A date has been set in the retrial of suspected serial killer Billy Chemirmir.
Court documents show Chemirmir is set to be retried for capital murder in the death Lu Harris, 81, on April 25.
Charged with killing at least 18 older women across North Texas, the first trial ended with the jury deadlocked 11-to-1 last November. The judge declared a mistrial after jurors said they were “hopelessly deadlocked.”
Dallas County Assistant District Attorney Glen Fitzmartin sent a note to families of the alleged victims last week informing them of the new trial date.
In the message, Fitzmartin stressed the court remains under the same COVID-19 protocols as they were during the initial trial in November due to the spike in the omicron variant, but said he hoped some of the restrictions may be relaxed by April if conditions improve.
Families of loved ones were kept out of the courtroom during the November trial to allow for social distancing in the courtroom, something the families felt affected the court proceedings.
“It was the wrong thing to do,” said Dallas Cowboys Hall of Famer Cliff Harris back in November.
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Harris lost his mother-in-law Miriam Nelson.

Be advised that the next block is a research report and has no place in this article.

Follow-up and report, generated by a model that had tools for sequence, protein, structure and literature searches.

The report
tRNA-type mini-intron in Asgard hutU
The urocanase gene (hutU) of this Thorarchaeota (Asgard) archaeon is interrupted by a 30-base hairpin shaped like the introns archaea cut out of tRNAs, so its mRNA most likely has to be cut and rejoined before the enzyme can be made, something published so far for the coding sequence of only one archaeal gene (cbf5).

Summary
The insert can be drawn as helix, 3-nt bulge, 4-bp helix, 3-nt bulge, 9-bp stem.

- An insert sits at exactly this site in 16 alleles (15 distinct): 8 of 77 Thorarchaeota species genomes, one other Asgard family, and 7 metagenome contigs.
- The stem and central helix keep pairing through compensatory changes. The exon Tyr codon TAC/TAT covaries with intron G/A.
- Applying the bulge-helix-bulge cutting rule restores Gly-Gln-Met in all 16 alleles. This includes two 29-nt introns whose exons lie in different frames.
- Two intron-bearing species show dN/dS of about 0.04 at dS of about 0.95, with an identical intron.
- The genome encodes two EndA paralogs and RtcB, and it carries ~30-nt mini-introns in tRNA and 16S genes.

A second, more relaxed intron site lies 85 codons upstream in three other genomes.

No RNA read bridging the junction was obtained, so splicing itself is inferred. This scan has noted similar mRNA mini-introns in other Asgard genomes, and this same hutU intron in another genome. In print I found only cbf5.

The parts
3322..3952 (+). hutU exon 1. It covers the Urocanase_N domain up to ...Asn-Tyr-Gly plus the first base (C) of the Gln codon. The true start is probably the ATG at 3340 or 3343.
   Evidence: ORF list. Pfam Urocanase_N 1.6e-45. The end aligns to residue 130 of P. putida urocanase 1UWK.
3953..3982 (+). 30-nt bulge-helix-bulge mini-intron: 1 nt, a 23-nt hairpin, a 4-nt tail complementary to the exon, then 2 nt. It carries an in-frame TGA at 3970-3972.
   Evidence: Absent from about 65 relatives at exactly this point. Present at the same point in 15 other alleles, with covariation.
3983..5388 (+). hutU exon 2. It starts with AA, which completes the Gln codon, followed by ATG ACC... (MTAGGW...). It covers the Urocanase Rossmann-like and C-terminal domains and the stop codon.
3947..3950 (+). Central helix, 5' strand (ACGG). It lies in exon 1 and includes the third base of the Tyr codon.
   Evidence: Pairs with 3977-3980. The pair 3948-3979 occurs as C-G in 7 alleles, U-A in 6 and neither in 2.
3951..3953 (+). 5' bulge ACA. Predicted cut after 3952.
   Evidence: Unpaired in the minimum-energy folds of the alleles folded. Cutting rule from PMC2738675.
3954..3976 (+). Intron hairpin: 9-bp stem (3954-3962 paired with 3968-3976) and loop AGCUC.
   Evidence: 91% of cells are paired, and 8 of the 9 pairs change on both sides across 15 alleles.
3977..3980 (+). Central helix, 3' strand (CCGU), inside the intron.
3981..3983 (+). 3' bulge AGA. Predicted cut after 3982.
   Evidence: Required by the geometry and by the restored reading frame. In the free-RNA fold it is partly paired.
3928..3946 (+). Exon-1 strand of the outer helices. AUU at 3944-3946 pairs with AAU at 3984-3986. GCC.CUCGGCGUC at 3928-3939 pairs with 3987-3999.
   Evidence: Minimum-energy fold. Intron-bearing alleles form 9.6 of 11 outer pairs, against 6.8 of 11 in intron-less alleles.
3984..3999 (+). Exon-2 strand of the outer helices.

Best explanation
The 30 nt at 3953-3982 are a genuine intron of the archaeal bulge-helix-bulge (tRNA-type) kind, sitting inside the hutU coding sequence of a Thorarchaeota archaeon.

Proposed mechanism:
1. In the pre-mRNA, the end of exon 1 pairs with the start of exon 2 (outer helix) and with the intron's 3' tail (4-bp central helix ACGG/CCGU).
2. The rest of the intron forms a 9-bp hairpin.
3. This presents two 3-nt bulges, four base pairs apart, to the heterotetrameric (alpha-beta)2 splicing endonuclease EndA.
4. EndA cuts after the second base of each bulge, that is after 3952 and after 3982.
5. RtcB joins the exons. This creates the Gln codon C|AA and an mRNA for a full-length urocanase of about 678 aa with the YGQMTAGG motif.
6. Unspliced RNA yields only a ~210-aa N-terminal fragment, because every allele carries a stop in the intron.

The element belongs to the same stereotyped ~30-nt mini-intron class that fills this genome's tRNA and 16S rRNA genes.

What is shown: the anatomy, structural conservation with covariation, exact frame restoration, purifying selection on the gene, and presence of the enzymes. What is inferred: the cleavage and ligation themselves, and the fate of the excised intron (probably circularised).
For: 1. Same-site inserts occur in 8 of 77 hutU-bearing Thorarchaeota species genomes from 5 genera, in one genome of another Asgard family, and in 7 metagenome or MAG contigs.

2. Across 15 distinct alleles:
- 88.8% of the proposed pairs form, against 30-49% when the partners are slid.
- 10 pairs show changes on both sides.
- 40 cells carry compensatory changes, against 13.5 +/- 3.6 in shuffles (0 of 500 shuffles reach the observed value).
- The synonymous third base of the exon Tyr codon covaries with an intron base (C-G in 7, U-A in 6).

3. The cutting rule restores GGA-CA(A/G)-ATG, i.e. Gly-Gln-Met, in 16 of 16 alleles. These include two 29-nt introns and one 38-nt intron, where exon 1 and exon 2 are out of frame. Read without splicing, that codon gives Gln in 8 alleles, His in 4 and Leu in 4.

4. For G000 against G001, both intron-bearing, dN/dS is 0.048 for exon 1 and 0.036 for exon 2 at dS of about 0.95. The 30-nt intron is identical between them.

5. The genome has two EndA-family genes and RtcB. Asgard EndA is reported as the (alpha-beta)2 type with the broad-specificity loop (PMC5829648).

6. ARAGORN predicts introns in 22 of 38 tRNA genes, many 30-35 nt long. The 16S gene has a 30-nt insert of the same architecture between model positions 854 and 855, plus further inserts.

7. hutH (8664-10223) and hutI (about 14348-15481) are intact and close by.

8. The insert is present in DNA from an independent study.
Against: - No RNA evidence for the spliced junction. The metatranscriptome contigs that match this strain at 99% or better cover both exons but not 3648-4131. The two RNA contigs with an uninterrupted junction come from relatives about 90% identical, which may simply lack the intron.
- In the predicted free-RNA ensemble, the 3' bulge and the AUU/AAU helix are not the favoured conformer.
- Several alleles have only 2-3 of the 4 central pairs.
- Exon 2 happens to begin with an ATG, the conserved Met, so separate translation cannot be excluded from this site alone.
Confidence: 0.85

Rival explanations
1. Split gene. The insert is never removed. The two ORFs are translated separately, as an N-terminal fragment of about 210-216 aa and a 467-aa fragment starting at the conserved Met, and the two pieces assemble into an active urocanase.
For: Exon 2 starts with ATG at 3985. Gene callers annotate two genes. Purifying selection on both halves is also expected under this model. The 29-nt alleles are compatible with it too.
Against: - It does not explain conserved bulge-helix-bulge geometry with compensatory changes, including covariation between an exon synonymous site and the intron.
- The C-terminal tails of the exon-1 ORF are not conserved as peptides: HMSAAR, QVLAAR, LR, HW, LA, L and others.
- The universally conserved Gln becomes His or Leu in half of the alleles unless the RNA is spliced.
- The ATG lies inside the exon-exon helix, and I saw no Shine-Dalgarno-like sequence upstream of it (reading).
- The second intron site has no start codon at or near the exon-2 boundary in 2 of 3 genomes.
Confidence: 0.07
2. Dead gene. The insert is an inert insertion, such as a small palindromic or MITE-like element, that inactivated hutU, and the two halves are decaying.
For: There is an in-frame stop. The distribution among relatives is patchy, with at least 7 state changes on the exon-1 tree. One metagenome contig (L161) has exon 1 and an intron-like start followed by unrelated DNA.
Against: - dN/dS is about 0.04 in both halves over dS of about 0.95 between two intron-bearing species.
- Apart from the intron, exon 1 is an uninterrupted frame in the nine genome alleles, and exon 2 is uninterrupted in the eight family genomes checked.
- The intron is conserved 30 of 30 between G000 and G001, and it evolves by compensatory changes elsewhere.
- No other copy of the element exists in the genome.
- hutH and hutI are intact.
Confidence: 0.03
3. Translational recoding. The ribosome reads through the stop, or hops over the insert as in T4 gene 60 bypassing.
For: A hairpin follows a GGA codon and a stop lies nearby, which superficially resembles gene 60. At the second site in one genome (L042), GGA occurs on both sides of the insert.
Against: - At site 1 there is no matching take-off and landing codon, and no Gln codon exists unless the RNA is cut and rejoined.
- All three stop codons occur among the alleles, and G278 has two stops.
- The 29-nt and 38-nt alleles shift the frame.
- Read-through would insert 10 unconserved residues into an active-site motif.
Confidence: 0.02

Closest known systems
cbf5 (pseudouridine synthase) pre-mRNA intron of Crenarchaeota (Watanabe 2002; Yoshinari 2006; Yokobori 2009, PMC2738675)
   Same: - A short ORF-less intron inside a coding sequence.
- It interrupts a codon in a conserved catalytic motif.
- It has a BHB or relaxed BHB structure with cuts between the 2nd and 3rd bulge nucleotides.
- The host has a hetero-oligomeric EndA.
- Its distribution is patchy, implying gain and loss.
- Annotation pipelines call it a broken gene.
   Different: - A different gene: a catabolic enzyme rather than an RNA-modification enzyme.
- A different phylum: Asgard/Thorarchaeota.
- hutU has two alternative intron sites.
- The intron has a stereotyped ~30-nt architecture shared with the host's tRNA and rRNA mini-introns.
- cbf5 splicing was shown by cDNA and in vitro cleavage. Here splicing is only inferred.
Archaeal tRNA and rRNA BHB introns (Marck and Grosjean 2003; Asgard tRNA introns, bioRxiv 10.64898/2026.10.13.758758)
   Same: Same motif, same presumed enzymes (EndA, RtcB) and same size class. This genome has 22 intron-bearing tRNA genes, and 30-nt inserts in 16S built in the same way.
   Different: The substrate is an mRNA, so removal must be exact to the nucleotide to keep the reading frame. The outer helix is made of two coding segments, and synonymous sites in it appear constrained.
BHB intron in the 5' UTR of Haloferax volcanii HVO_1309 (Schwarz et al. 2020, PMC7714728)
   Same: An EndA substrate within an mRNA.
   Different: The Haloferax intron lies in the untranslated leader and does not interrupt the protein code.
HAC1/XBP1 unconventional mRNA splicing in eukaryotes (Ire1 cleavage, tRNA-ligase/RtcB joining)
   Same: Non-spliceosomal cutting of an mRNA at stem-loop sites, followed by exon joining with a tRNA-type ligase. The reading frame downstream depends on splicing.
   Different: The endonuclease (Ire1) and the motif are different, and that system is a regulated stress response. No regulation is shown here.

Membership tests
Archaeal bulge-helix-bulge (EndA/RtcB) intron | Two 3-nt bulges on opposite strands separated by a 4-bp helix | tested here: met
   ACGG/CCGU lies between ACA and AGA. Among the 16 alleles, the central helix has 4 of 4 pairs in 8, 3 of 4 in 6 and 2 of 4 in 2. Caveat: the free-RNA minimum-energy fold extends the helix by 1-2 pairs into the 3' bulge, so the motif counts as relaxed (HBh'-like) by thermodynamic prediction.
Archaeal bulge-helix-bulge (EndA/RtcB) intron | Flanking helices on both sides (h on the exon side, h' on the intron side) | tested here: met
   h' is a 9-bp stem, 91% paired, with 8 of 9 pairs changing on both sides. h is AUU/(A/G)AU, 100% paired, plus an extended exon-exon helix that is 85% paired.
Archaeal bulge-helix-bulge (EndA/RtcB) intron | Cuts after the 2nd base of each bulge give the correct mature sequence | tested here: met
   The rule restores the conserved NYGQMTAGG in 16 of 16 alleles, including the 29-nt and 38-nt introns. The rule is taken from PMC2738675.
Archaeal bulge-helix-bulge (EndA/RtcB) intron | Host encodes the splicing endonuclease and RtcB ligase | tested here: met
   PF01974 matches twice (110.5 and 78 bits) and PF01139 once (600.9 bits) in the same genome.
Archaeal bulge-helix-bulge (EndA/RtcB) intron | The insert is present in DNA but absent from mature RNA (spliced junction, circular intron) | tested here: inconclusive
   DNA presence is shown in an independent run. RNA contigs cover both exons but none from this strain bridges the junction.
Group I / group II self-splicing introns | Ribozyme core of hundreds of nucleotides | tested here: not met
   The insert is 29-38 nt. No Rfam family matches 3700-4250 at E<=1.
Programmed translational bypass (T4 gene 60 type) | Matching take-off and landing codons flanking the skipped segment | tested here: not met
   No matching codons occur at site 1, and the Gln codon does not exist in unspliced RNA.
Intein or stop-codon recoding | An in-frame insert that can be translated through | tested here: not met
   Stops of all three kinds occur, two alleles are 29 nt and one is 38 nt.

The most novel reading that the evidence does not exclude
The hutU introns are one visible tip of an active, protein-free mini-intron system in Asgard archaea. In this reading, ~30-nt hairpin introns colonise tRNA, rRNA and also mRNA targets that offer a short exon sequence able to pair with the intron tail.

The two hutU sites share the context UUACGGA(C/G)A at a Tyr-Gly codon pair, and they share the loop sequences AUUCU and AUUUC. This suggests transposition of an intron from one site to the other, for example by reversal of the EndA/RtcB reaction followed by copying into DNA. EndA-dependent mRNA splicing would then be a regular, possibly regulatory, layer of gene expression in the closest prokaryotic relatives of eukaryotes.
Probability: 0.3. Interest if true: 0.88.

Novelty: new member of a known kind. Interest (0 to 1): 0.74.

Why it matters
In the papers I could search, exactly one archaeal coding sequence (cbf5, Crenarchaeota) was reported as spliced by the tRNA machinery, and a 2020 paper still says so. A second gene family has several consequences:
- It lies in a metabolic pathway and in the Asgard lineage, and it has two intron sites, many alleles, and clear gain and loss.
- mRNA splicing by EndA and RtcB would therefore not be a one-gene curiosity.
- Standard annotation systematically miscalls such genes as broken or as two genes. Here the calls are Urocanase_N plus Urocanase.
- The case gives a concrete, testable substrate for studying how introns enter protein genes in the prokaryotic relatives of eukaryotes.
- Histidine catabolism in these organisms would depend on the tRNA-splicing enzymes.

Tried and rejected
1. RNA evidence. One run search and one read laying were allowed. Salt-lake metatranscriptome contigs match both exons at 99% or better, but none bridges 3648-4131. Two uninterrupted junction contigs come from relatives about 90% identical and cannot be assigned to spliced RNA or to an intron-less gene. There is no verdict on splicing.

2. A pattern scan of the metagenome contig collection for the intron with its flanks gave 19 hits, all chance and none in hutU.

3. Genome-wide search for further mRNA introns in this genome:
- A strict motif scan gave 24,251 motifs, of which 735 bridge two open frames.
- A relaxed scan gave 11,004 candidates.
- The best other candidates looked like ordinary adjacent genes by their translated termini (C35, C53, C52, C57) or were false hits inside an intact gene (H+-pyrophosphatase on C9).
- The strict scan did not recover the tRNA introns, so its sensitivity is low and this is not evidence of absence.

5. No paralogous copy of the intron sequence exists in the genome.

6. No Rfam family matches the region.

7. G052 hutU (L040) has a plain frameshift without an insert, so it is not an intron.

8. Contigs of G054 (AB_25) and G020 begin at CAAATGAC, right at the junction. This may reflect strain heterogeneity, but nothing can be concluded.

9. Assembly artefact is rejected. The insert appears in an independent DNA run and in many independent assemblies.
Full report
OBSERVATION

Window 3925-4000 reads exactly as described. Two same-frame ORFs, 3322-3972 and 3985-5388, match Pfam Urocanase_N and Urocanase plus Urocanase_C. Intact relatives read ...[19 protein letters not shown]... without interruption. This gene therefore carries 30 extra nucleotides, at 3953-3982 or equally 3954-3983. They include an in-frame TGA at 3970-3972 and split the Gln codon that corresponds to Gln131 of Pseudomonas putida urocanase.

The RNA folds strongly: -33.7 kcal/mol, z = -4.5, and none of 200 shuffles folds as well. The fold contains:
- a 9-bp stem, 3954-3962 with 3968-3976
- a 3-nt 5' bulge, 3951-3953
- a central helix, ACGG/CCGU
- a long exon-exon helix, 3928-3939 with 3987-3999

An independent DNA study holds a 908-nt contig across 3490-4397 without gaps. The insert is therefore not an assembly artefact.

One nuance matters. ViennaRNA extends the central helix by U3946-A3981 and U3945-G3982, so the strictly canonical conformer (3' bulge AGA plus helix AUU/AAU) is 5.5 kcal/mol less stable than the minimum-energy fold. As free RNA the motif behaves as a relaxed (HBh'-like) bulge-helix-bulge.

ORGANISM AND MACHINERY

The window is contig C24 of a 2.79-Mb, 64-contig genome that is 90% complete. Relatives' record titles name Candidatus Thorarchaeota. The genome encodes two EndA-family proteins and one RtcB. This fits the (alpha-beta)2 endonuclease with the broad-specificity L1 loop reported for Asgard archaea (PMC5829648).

“We would have had a much better chance,” Harris said. “We would have won this hands down.”
Chemirmir faces life in prison without parole if convicted of capital murder. He remains in the Dallas County jail on a multi-million dollar bond. He's repeatedly denied all charges against him and says he's innocent.
The April trial will again focus on the murder of Harris, who was found dead in her Far North Dallas home in March 2018. Prosecutors have long said it's the case where they felt they had the strongest evidence.
Detectives were led to Harris’ home after arresting Chemirmir for the attack on 91-year-old Mary Annis Bartel the day before at Plano’s Preston Place Retirement Community.
When police tracked Chemirmir to his nearby apartment, items uncovered in their search led to Harris’ home where she was found dead in her bedroom, lipstick smeared on her pillow.
Chemirmir is charged with killing 18 older women across Dallas and Collin counties, though police investigations and lawsuits allege he’s killed even more people. Prosecutors say he targeted independent living communities, smothering his victims to steal jewelry.